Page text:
Hartford Agrees to Buy Navigators for $2.1 Billion in Cash
(Bloomberg) -- Hartford Financial Services Group Inc. agreed to purchase Navigators Group Inc. for about $2.1 billion in cash, expanding into specialty coverage with the insurer’s biggest acquisition ever.
Hartford will pay $70 a share for Navigators, the companies said Wednesday in separate statements, or about 8.9 percent more than Navigators’ closing price Tuesday. The deal includes a 30-day “go-shop” provision for other suitors to propose a deal for Navigators, whose shares have surged 32 percent this year.
Hartford Chief Executive Officer Christopher Swift has been expanding the company after the insurer spent years narrowing its focus following the financial crisis. Hartford agreed last year to buy Aetna Inc.’s U.S. group life and disability business for $1.45 billion and snapped up a Georgia-based commercial insurer, Maxum Specialty Insurance Group, in 2016.
“Hartford had indicated that it was interested in doing acquisitions in the specialty space and, while this deal is probably a little larger than what we would have anticipated, it’s a property with a reasonably good track record and some well-established specialties that Hartford can expand upon,” Mark Dwelle, an analyst at RBC Capital Markets, said Wednesday in a note to clients.
Shares of Navigators jumped 8.9 percent to $69.95 at 9:49 a.m. in New York. Hartford fell 3 percent to $50.75.
“Shareholders had hoped for capital return as opposed to M&A, so we expect the shares could trade down on the news,” Elyse Greenspan, an analyst at Wells Fargo & Co., said in a note to clients.
Navigators, based in Stamford, Connecticut, operates in the U.S., Europe, Asia and Latin America. The company offers insurance to the marine, construction and energy industries, as well as specialty coverage in the U.S. The company’s 820 employees will join Hartford when the deal is completed.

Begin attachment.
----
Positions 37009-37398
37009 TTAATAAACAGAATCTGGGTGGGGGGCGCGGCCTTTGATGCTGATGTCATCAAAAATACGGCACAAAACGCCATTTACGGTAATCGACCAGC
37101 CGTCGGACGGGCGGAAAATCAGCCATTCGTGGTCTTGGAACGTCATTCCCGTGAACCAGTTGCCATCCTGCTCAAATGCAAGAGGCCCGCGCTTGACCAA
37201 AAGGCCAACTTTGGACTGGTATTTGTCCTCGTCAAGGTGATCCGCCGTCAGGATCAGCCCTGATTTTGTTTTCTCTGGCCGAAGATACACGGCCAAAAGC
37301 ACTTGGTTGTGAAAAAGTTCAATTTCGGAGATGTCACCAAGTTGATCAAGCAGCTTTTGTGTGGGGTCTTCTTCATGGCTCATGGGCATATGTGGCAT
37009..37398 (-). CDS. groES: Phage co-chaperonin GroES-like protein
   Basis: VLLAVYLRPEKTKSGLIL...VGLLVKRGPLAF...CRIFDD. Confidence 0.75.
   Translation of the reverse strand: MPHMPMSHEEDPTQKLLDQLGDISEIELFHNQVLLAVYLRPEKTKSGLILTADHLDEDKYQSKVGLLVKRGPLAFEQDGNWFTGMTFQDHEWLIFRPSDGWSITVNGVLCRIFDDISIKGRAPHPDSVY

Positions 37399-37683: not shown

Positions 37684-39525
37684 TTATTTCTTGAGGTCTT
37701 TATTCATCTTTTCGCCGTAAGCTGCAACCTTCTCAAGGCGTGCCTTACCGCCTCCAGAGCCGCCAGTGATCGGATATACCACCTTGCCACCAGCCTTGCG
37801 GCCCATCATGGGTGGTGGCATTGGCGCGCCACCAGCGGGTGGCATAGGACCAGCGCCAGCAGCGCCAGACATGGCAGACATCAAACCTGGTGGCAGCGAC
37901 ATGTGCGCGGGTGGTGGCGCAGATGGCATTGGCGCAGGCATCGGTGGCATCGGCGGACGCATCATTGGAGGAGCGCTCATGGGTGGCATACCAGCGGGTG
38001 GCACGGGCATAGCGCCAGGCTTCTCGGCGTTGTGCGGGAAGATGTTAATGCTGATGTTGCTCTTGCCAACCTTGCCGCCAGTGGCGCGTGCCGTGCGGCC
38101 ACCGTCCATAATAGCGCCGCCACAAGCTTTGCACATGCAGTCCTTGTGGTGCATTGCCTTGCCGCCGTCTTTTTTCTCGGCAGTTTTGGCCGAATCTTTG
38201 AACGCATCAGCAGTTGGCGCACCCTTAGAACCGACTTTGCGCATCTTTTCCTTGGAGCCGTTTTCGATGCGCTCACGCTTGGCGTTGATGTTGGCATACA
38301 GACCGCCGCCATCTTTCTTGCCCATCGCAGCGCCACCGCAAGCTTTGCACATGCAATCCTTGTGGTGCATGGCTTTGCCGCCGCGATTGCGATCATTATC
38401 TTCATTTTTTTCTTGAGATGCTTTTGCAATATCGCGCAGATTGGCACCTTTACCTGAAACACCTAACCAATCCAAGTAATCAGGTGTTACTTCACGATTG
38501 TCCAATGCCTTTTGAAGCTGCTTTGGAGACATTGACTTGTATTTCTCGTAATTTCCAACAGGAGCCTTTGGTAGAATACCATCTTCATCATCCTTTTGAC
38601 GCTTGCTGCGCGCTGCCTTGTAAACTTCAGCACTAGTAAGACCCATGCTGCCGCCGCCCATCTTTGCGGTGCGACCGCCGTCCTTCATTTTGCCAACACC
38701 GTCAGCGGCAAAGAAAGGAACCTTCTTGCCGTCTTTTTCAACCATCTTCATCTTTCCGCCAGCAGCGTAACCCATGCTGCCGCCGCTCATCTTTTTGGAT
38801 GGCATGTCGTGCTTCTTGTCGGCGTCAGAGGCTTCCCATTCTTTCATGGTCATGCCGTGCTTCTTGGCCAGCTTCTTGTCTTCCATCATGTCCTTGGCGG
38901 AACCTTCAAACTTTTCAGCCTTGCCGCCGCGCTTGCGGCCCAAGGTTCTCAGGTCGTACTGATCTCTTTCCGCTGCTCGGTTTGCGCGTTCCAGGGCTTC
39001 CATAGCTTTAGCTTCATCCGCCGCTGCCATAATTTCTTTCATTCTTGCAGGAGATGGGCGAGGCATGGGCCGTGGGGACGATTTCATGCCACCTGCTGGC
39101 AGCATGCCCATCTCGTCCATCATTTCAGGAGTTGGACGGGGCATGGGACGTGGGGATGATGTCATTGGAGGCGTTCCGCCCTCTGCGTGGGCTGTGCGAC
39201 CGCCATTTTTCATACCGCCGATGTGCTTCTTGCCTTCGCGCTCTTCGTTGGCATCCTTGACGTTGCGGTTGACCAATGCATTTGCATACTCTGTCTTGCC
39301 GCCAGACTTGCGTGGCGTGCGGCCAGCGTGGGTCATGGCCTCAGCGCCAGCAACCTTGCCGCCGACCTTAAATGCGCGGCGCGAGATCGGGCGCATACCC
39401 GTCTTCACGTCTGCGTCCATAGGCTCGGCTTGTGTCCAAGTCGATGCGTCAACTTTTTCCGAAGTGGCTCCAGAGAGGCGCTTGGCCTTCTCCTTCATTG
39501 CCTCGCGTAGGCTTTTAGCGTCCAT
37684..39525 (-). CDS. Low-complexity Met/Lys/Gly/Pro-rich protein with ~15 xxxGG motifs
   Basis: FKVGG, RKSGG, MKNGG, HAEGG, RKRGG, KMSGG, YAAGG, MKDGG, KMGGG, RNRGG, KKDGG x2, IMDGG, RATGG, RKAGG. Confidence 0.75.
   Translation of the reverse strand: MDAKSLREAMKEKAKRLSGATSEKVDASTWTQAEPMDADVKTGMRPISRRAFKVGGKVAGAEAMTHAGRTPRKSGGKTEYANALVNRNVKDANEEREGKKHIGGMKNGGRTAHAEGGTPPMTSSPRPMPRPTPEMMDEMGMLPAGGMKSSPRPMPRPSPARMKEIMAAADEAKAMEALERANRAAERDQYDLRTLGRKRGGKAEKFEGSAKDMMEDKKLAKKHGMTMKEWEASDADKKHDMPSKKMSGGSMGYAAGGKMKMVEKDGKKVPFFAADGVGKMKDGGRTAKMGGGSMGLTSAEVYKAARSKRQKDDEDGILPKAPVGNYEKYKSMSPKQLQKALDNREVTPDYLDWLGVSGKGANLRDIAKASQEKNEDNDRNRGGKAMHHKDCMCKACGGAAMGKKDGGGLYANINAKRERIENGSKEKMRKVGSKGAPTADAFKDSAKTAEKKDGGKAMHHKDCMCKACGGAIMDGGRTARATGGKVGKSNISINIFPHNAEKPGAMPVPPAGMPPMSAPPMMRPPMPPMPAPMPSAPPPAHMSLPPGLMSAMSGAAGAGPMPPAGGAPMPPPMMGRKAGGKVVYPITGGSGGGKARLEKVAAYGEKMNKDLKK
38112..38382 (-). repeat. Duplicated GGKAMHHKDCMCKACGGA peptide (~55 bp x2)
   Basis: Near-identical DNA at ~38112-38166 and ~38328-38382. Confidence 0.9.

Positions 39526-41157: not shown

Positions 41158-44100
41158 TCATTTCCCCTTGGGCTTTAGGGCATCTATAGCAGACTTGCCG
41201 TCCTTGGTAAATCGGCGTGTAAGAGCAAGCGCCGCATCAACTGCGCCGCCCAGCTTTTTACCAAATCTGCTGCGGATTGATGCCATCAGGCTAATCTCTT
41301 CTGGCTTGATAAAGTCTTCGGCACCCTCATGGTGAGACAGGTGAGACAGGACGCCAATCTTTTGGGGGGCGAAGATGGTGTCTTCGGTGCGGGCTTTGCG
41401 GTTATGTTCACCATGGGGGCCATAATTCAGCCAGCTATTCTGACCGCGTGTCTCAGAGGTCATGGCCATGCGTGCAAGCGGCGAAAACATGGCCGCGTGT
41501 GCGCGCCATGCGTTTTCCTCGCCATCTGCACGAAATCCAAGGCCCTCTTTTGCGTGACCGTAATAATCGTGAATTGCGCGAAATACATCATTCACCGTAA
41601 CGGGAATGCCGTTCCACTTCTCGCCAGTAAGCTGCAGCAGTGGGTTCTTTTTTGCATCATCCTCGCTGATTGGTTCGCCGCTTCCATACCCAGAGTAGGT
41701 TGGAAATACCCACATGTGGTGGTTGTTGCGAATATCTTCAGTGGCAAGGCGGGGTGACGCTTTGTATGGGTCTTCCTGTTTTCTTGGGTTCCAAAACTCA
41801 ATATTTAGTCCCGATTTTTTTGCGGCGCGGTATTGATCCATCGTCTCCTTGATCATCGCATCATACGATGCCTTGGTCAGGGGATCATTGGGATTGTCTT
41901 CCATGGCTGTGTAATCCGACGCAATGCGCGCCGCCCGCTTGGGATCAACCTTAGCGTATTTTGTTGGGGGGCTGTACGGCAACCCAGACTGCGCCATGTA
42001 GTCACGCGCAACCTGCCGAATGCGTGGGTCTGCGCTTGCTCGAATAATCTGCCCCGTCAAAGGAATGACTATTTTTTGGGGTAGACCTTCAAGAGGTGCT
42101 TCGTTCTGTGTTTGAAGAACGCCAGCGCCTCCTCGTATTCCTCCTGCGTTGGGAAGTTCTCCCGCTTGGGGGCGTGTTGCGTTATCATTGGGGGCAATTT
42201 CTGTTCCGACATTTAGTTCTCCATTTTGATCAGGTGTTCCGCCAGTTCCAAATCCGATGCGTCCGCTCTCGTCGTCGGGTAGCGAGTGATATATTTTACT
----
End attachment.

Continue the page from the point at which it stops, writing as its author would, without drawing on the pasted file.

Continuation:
The deal “expands our product offerings and geographic reach, and adds tenured and proven underwriting and industry talent,” Swift said in the statement. “We are optimistic about our combined growth opportunities and expect the acquisition to generate attractive returns.”
Hartford said it has “sufficient” resources to fund the deal but may consider alternative sources of capital, without issuing common shares. The acquisition will likely reduce Hartford’s net income in 2019, but by an immaterial amount, the firm said. In 2020, the deal should add $30 million to $75 million to net income, according to the company.
“We look forward to bringing Navigators’ specialty lines capabilities to the Hartford,” Stanley Galanski, Navigators’ president and CEO, said in that company’s statement. The transaction “is a testament to the caliber and dedication of our people and the strength of our underwriting culture.”
The deal is expected to be completed in the first half of 2019 and Navigators’ founder, along with other members of that family who control shares, agreed to support the transaction, according to the statement. Navigators was advised by Goldman Sachs Group Inc. and Moelis & Co., as well as Sidley Austin LLP. Hartford used Citigroup Inc., Deutsche Bank AG and Mayer Brown.
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